What is a Business Health Check?

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All businesses have weaknesses, strengths along with opportunities and external threats so if you want to sustain and grow your business, it’s imperative that you identify and manage these effectively especially when looking to achieve long-term success.

A Business Health Check involves sitting down and asking yourself some key questions about your business and as most business owners are extremely busy working on various parts of their business wearing many hats to keep going,   regular check-ups can help you plan and manage for future success. The following provides a list of the key areas of your business to health check on a regular basis.

  1. Sales & Revenue

Sales and Revenue is the amount of money your business earns before any expenses are taken out. Without sales your business will not earn a profit and stay viable. Setting realistic and measurable monthly and annual sales targets will help you stay focused and goal orientated. Evaluating outcomes especially if you missed your goals, gives the opportunity to ask yourself what do I need to do to adjust going forward. If you hit or exceeded your goals ask yourself what did you do right and how can you do more of that in the future?

Do you have any customers who drain you of energy? The ones who constantly ask for discounts or scope creep? Maybe it’s time to cut them loose. When it comes to your revenue, they may be costing you more in lost time and motivation than they’re worth

Conversely, maybe you have one great client who accounts for the bulk of your revenue. This might seem good but what would happen if that client went out of business tomorrow? In that case, you must never stop looking for ways to diversify your client list. Having multiple revenue streams is a good thing, but it’s important to dig deeper and determine which source of revenue is most crucial, making the most efficient use of your resources represents the greatest potential for growth and ask yourself what you can do to ensure that you focus the majority of your time and attention there.

Don’t be behind the door when it comes to asking for referrals from your satisfied customers. Some people find asking for referrals uncomfortable, but you should get in the habit of asking every satisfied customer for one. Simply ask if they know anyone else who might have a need for your product or service.

  1. Expenses

Continually monitoring your business expenses provides an accurate record of how money is spent and helps you chart a future course of action with clarity and confidence. Take a look at your expenses and determine the ones taking up the bulk of your cash flow. If you’ve been in business for a while, some increase in expenses may be due to healthy growth, but some may have spiralled out of control when you weren’t paying attention. Carrying out a regular health check on your expenses will help you identify ways to save money.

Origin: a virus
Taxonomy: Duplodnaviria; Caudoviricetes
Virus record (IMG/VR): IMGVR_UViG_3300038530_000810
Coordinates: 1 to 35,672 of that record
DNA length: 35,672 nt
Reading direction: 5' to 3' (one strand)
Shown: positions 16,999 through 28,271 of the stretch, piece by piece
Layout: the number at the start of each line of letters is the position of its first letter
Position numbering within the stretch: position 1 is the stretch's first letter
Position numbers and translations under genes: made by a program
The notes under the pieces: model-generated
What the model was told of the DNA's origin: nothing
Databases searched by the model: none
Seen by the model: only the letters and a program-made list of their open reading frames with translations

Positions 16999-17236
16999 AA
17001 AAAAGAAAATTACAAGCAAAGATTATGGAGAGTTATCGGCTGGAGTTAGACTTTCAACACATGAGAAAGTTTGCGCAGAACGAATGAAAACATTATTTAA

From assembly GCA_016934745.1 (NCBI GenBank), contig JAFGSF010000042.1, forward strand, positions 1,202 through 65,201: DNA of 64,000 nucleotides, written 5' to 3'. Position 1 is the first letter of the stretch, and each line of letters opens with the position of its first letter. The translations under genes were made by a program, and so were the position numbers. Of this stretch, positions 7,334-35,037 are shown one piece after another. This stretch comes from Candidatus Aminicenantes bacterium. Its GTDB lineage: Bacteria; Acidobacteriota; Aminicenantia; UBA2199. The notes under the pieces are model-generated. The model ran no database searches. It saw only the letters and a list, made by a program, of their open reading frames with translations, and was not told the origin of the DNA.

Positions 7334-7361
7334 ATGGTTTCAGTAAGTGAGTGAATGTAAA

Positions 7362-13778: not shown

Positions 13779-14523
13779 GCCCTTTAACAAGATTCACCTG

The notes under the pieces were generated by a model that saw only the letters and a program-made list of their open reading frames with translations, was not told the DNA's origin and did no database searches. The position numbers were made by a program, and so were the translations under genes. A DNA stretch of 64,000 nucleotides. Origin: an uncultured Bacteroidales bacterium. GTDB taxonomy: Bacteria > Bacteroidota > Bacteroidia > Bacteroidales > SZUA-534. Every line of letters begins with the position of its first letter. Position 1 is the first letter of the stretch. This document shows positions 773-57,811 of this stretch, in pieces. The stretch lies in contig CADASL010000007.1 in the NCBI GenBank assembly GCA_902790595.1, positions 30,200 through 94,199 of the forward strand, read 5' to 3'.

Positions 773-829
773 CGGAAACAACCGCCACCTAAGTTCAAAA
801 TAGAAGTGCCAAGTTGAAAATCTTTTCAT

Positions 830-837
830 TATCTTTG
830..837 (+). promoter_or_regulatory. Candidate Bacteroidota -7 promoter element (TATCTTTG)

Things you can do to reduce expenses include always being on the lookout for the best deals on office supplies, equipment and utility tariffs that best fit with your business hours.  Also be sure to employ the services of a good accountant who will know the full list of expenses write downs and tax breaks.

  1. Receivables

Accounts receivable is the money that your business is due to receive because it has provided customers with goods and services. It is important for companies to closely monitor receivables to make sure customers pay their bills within the specified agreed time frame.  Chasing up on outstanding payments can be an arduous task but it is vital for a small business to receive payments in a prompt time frame to stay financially viable. Ask yourself, are you doing a good job of monitoring receivables and following up on outstanding invoices? If not, this could be negatively affecting cash flow and putting your business in jeopardy. Remember, your business is not a bank so don’t be embarrassed about having a clear policy on overdue accounts and follow through on collections, even if you have to outsource it.

A good tip is to consider having a written agreement with all your customers. This agreement should establish clear expectations for when payments are due and what happens when payments are past due, such as charging interest or referral to collections as this will avoid any awkward moments. You should also consider collecting deposits especially from new clients until they prove their promptness in paying for your goods or services.  For those who are chronic late payers, then an agreement is a necessity.

  1. Marketing

Marketing is an essential component of the internal business operations. Without a steady and ongoing marketing strategy and calendar of events, potential customers won’t know your business exists. Marketing is about matching your product or service to the needs of the consumer and continuously adapting to meet those needs. In business, you can never stand still because if you do, your competitors will swoop in and entice your customers with the latest marketing techniques. Have you identified who your customers are?  Do you have a plan to target new customers? Are you measuring your existing marketing tactics?  These are all questions to ask yourself when checking the effectiveness of your current marketing strategy.

Success comes when you settle on one single area of strength and turn that into a USP.  How well are you conveying this message and is it yielding revenue? Are you making the mistake in assuming you don’t need to market your business? Marketing involves using social media, networking and engagement as well as maintaining an informative website that is updated on a regular basis.

If you need assistance with carrying out a health check for your business then contact MentorUs Business Solutions today.

 

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